People like convenience more than privacy – so no, blockchain will not 'decentralise the web'

It's our fault the Facebooks and Googles run everything

Comment In the same way it has become de rigueur to slag off Facebook for its many privacy sins while billions still dump their data into the service, it's also pretty trendy to pretend that blockchain, a digital ledger that records transactions publicly and permanently, offers answers to a new and improved decentralised web that leaves individuals, not Facebook, in charge of their data.

It is complete and utter rubbish.

It's not that a blockchain-based web isn't possible. After all, the original web was decentralised, too, and came with the privacy guarantees that blockchain-based options today purport to deliver. No, the problem is people.

As user interface designer Brennan Novak details, though the blockchain may solve the crypto crowd's privacy goals, it fails to offer something as secure and easy as a (yes) Facebook or Google login: "The problem exists somewhere between the barrier to entry (user-interface design, technical difficulty to set up, and overall user experience) versus the perceived value of the tool, as seen by Joe Public and Joe Amateur Techie."

Save us from ourselves, God Blockchain!

The early web was chaotic. Decentralised, yes, but chaotic. Finding one's way to new services was virtually impossible, leading to directory services (I distinctly remember buying a "yellow pages" index of all the known sites from a bookstore) and, eventually, to Google indexing the web for us so that we could use search to navigate around.

At the same time, services like Compuserve arose to give average humans a way to use the web, and services thereon. Compuserve eventually gave way to Facebook, Twitter, and (again) Google – a small corpus of companies that control much of what we see and do on the internet and make it straightforward for governments to keep a tight leash on what we do online, as Edward Snowden laid bare.

In the wake of this shockingly centralisation that now plagues our privacy and constrains choice, web revolutionaries like Tim Berners-Lee are conspiring to decentralise the web. Again.

Blockchain, in particular, has been put forward as the future of everything, from farmers selling eggs to publishers selling news. Instead of relying on servers, centrally managed blockchain depends upon "a peer-to-peer network built on a community of users", Adam Rowe writes. In this world, the "internet-connected devices would host the internet, not a group of more high-powered servers". This architecture theoretically makes the internet harder to hack or control since a website or one's data is strewn across a number of different devices.

It also shifts responsibility for the system to those individual nodes. To us, as it were. And that's where the problems start.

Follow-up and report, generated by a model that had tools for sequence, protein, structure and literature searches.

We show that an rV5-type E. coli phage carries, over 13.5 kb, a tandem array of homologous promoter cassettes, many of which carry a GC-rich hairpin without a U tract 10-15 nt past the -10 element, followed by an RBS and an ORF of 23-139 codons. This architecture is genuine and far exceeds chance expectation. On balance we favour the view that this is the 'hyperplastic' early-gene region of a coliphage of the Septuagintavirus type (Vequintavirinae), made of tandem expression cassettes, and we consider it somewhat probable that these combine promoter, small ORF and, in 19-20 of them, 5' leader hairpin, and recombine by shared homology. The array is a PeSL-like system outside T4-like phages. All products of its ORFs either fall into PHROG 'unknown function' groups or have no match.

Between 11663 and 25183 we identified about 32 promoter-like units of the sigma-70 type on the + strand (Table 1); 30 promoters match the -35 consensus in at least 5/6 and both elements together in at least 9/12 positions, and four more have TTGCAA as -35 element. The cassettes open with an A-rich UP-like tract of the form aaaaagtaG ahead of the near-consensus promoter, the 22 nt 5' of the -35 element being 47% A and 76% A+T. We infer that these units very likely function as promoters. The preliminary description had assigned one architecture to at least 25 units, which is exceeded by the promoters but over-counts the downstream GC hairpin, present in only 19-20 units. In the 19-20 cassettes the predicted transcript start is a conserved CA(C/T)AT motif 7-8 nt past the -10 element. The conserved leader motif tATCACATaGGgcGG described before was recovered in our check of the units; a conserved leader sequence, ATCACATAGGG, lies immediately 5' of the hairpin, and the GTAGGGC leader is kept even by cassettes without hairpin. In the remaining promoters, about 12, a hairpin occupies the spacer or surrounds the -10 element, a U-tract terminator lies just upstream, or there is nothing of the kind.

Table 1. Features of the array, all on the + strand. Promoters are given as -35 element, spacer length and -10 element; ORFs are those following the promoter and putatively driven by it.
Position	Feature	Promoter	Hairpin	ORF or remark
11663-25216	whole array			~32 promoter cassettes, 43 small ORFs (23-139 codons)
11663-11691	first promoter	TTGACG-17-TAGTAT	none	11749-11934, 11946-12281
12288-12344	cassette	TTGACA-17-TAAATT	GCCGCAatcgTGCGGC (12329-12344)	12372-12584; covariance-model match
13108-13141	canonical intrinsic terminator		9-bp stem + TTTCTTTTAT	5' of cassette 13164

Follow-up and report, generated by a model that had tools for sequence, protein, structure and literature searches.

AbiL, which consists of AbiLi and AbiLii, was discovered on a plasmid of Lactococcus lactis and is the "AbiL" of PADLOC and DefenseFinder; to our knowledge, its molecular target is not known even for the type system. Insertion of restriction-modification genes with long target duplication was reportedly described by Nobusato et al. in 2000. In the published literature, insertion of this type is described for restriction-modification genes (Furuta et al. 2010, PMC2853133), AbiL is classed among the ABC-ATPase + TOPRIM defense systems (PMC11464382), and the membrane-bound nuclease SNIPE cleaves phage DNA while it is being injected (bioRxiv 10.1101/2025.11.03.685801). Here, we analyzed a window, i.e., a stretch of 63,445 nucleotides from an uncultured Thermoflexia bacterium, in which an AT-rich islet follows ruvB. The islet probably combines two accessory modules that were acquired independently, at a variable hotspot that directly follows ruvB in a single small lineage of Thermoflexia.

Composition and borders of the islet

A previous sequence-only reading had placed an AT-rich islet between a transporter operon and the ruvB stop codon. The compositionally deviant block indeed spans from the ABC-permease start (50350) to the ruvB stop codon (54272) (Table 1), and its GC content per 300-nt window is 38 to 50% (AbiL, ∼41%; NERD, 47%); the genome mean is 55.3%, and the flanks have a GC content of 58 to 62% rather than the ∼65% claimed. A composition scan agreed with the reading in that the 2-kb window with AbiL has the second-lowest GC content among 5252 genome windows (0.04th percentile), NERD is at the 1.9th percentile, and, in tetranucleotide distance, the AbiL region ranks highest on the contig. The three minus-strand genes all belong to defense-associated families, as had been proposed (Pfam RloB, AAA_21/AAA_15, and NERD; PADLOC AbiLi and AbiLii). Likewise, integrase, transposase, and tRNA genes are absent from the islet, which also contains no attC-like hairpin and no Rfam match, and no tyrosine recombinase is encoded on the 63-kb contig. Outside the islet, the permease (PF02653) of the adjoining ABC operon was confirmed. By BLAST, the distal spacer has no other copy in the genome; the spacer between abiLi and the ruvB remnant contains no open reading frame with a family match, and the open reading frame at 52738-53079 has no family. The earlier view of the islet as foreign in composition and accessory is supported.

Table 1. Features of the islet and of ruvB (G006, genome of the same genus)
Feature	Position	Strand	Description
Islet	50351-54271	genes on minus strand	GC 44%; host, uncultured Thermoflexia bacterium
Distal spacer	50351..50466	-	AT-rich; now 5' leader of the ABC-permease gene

Technology hurdles to overcome

As much as blockchain advocates want us to believe it's our decentralised saviour, there are serious technical impediments. As Bluzelle Networks CEO Pavel Bains styles it: "The immutability of the data on the blockchain is one of the key dynamics at play here. While never removing or changing data has many positive aspects to it, it also poses a serious issue when you consider how it works within important regulatory frameworks."

That's the point! I hear you scream, but there is the world we live in, and the world blockchain revolutionaries want. I'm not sure the latter is demonstrably better.

Take GDPR, for example, the European Union's new rule on data protection. Under GDPR, an individual can ask that you remove their data from your systems. There's been much discussion, however, about how that would be impossible in blockchain. According to the theory, you cannot remove data – at least not easily – because the nature of the beast is such that follow-on transactions might rely on it. Remove the data and you create a blockchain-defeating fork.

A potential problem here comes in the way the blockchain stores data, which is seen as a virtue by privacy advocates, but that not only puts a crimp on corporate responsibility but could also introduce all sorts of inefficiencies. As Bains goes on: "In new decentralized file storage services [files are often]... broken up into chunks with the divisions made at arbitrary locations, demonstrating little regard for the data in the file.

"Trying to access data when the underlying storage mechanism does not understand the nature of it is inefficient and likely to be error prone. The reality is that, to read a simple mailing address from a relatively modest 10GB file on a storage service like IPFS would require the entire file to be downloaded and then searched for the relevant information. Even at download speeds of 1GB per second, it would take 80 seconds every time the file is accessed."